A Disturbance in The Force
It is quite remarkable how some contemporary myths like Star Wars or Lord of the Rings have seized hold of the collective imagination. For many people, these are the New Gospel. I have known people, for example, who read Lord of the Rings religiously every year. And they do, in many respects, speak to archetypal themes of myth and magic that lie just below the surface of the ego-consciousness and which do have a degree of psychic validity.
Both Lord of the Rings and Star Wars draw upon ancient legends and stories for their own themes, including the Grail legends. For some people, these contemporary myths have even become their new “Master Narrative” — providing the framework for interpreting their experience and organising their perceptions, and sometimes in quite pernicious and unhealthy ways.
Ulro and the Sea of Symbolic Forms
As mentioned earlier, I’ve been spending quite a bit of time on the German websites following social, political, and cultural developments there. (I have a particular interest in Germany because I studied there.) One of the great advantages of knowing another language is that you come to see how spatial and temporal relations — reality in other words — are configured differently. These configurations (or “Gestalts“) are what Owen Barfield calls “the collective representations”, or what we would call “images”, social or mental representations or symbolic forms. These symbolic forms or collective representations are governed by a grammar, which specifies who they are to relate to one another. A grammar imposes coherence on the symbolic forms or collective representations. This sea of symbolic forms in which we live is sometimes referred to as “the social imaginary” or “the social construction of reality”. Rudolf Steiner refers to these collective representations or symbolic forms as “mental pictures”.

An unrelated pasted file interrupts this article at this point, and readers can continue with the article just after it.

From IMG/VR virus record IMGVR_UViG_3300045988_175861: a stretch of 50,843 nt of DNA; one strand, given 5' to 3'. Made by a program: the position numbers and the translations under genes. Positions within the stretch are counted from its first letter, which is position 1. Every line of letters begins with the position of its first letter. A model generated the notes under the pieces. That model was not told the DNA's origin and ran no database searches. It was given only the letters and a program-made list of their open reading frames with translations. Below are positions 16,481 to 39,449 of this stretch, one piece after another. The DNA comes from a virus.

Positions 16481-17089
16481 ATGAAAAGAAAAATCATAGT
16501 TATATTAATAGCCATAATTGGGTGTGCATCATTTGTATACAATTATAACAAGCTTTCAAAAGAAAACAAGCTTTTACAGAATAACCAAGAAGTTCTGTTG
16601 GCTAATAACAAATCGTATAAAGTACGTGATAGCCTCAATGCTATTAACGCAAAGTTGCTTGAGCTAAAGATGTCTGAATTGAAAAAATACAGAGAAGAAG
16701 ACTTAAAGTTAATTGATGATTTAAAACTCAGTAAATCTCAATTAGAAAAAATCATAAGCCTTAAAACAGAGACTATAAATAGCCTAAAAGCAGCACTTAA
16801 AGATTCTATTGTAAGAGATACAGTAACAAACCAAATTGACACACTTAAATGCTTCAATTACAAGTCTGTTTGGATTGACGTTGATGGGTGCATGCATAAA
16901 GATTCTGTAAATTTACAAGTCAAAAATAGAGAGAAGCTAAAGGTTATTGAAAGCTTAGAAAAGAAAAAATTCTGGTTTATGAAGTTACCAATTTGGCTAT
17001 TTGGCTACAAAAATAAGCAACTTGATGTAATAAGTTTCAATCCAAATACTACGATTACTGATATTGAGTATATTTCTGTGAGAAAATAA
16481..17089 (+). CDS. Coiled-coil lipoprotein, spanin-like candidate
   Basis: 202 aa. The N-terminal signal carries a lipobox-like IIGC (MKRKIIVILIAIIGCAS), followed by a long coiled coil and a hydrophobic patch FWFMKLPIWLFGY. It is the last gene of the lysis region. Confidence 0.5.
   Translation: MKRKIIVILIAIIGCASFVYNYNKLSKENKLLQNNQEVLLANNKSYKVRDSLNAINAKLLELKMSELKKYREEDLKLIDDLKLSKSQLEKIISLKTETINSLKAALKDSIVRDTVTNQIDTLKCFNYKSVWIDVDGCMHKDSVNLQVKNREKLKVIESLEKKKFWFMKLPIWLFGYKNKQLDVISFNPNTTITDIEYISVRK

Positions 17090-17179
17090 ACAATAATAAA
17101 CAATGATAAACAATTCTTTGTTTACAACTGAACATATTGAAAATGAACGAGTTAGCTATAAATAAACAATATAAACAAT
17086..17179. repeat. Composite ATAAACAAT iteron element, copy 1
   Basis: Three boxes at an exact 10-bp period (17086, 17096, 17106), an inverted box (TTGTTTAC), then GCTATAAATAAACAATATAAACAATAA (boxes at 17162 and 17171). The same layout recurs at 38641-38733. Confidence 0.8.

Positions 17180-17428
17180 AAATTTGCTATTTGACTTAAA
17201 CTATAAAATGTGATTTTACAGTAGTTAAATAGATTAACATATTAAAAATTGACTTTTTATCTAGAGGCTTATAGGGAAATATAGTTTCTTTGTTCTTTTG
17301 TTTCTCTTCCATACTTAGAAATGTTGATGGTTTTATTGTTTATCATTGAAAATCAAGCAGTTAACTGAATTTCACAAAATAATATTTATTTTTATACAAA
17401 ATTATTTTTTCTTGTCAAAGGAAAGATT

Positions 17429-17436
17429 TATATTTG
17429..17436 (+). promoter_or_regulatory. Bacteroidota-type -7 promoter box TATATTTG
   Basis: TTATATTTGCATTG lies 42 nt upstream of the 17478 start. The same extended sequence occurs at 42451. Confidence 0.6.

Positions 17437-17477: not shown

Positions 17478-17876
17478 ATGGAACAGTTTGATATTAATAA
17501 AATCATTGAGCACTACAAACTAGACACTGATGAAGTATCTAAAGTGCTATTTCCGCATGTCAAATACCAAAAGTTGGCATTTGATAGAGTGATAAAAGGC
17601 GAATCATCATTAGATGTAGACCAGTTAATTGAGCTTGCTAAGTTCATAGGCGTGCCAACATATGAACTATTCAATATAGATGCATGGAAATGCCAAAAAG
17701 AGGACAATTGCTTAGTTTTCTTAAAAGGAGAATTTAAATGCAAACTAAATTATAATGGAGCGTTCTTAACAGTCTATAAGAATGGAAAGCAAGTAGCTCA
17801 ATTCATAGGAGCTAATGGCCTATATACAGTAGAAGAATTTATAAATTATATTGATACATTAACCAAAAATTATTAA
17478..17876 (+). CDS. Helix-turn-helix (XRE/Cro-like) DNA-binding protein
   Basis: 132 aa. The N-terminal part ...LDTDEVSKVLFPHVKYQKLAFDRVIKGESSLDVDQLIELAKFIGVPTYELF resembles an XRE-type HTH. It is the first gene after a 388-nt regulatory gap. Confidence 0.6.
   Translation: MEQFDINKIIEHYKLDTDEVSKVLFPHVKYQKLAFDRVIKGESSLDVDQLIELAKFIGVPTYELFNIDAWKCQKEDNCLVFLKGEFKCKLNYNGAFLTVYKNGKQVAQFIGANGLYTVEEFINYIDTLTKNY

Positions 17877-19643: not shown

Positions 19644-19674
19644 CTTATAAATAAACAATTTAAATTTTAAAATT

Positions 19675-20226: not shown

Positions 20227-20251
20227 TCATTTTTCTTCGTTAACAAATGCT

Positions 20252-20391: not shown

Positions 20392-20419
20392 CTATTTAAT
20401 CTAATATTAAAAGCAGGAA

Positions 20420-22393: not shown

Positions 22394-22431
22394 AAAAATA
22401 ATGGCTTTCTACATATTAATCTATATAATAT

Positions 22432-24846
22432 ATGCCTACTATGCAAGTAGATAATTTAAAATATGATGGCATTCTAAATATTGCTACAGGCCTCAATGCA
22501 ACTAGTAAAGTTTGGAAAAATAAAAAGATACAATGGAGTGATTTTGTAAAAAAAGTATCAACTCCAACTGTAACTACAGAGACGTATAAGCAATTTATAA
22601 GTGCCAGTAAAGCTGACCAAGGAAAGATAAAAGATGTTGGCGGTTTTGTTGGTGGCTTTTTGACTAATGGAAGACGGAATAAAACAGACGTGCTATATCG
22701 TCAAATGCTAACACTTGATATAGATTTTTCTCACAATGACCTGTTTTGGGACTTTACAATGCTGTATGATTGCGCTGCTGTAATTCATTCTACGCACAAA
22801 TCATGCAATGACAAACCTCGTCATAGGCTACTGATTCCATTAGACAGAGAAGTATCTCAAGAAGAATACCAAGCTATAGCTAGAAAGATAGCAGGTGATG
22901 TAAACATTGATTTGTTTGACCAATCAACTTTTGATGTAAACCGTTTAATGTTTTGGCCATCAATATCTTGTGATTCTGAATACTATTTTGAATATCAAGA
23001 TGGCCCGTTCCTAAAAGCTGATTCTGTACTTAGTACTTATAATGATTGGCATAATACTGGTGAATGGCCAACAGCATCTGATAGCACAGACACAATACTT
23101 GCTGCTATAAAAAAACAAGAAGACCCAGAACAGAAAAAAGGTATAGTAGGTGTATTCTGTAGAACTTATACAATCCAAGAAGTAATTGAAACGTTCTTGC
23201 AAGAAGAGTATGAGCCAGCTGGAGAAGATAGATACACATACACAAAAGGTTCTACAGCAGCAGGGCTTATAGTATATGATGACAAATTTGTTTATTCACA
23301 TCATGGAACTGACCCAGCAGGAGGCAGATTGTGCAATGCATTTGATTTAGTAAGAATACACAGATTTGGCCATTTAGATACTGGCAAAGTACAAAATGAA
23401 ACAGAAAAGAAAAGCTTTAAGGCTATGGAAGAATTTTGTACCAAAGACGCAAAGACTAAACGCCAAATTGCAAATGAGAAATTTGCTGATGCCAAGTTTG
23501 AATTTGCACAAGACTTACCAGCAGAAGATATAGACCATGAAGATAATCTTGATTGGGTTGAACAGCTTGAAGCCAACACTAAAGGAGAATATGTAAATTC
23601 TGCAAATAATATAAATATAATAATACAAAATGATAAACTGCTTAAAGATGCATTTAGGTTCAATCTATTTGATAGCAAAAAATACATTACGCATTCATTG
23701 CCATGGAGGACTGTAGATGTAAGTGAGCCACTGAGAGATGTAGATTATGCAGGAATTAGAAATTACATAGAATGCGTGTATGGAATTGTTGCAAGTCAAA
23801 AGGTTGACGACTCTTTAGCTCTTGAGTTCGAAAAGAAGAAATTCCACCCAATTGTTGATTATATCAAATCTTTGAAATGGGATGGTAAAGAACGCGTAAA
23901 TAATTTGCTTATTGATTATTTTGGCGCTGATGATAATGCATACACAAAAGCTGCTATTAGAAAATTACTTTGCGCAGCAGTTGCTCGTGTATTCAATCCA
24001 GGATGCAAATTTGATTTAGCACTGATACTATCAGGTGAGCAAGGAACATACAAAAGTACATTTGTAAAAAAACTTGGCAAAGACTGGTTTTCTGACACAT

“Who controls the past controls the future: who controls the present controls the past.” — George Orwell, “1984”.
“Power remains strong when it remains in the dark; exposed to the sunlight it begins to evaporate.” — Samuel Huntington
These two statements are related, of course, in terms of what we might call “Reality Control”. What underlies both formulas, though, is a metaphysical principle: “perception is reality”. I really want to emphasise and highlight this, because it lies at the root of almost everything today that seems absurd, surreal, dream-like, or chaotic, especially the apparent breakdown of discernment between the subjective and objective aspects of existence, and, consequently, fact and fiction, fantasy and reality, or the representations (images) and that which is represented. This lack of discernment, which we are calling “chaos”, attests to the disintegration of the ego-consciousness or what Jean Gebser describes as “the breakdown of the mental-rational” (or “perspectival”) consciousness structure, also known as “the Modern Mind”.